If you have ever tried to pilot a remote-controlled drone from the ground, you know how hard it can be. You have a control panel with a lever to move it up and down, another one to move it left and right, and blinking lights that do who knows what.
So, could you imagine trying to keep 50 drones up in the air, at the same time? It sounds daunting for a reason. It is. In fact, the new world record for piloting multiple drones stands at 50.
There were some high-powered minds behind this swarm. Students at the Naval Postgraduate School in Monterey, California, launched the 50 drones, but the drones were piloted by only one person. Hence, the record.
Their feat is incredible. These are pretty big drones that fly like unmanned planes, or flying wings. They're too big to be launched by hand, so the students created slingshot-like launchers.
They launched one drone every 30 seconds, ultimately getting 50 into the air. They're already working on shortening that launch time, meaning that 50-drone record will likely soon fall.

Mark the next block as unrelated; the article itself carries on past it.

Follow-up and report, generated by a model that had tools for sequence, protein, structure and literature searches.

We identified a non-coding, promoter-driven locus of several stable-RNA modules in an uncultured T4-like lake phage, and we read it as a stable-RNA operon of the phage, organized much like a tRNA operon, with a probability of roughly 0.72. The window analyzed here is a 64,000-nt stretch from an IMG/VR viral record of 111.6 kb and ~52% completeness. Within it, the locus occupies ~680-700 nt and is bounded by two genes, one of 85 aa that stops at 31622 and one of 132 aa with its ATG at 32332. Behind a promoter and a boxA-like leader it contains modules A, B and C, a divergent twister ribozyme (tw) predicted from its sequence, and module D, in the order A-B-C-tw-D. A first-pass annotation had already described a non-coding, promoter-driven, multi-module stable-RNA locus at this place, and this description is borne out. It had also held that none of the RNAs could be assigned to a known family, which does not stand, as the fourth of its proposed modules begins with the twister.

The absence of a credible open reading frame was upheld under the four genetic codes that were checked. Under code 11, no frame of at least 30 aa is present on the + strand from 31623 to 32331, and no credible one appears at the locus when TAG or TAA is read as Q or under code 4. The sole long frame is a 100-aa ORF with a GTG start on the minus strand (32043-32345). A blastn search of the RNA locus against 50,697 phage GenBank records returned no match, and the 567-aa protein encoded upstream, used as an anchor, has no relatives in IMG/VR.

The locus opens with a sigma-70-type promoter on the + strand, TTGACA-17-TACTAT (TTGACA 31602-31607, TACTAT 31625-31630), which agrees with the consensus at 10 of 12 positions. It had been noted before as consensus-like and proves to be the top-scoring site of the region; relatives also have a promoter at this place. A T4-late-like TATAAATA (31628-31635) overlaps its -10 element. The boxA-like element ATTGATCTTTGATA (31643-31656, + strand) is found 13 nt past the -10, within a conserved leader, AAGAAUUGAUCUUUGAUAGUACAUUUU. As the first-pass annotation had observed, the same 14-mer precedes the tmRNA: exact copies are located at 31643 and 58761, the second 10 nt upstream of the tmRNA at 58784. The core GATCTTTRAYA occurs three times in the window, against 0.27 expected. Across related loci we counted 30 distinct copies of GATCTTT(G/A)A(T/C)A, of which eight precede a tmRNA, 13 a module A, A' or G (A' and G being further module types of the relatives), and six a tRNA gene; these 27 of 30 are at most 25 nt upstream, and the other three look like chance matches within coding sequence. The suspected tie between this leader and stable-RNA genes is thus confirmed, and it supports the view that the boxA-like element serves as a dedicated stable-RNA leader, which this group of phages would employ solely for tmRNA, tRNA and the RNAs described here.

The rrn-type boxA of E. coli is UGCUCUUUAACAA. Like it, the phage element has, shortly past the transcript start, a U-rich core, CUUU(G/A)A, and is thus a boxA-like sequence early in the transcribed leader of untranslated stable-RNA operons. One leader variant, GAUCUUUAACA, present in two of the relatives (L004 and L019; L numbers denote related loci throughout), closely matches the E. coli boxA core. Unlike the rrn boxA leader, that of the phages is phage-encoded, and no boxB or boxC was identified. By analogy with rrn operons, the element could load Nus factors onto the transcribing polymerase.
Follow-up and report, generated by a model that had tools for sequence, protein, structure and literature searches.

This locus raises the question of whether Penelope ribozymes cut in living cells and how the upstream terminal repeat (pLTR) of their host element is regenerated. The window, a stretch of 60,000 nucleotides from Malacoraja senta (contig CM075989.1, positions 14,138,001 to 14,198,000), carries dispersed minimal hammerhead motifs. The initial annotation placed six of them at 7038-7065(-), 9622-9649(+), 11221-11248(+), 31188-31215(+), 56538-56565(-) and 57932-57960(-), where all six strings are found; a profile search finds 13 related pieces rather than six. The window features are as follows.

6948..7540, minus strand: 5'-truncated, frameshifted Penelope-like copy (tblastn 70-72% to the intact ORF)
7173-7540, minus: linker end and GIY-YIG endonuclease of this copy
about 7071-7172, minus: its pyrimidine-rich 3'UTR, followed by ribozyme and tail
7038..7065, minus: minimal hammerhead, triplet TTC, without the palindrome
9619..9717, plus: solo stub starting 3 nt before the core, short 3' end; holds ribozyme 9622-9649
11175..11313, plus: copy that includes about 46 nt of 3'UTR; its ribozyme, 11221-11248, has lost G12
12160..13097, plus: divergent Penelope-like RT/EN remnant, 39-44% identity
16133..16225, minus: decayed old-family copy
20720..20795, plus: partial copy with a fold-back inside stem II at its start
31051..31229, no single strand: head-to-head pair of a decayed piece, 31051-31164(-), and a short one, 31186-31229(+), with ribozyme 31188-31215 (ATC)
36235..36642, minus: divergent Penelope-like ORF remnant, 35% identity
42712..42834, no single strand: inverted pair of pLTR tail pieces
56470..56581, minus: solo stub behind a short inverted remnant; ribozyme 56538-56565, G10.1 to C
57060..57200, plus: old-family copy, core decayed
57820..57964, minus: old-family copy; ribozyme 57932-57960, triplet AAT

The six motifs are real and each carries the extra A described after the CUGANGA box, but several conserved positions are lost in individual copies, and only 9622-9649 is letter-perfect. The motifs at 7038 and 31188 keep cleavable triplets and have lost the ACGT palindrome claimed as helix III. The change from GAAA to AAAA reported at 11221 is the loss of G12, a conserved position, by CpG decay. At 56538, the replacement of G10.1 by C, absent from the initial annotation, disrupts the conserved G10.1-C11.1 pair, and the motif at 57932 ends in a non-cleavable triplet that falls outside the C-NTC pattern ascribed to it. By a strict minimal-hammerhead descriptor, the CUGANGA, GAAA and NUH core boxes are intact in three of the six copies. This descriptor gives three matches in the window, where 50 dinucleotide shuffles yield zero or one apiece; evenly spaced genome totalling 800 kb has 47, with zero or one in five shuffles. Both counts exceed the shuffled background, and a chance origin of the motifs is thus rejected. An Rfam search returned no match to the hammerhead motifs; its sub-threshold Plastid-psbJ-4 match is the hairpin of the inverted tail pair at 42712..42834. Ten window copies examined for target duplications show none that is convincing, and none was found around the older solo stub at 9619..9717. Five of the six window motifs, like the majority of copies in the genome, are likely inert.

There is one other really cool reason these students were able to get 50 drones controlled by just one person. The drones aren't individually piloted by a remote control.
Instead, once airborne, these smart drones communicate with each other, using high-power Wi-Fi. That way, they don't crash into each other and, more important, they're not overwhelming drone communication systems.
These students are trying to mimic animals' swarming behavior where sometimes they move in unison, but at other times they cover a lot of ground by moving around in different directions. That could eventually be useful for search-and-rescue efforts. They're using the drones to help create swarming algorithms, so drones in the future can be programmed to communicate with one another.
If you'd like to try to break their record, there is one other thing you need to know. Each Zephyr drone they used cost $2,000, although they built them from readily available parts.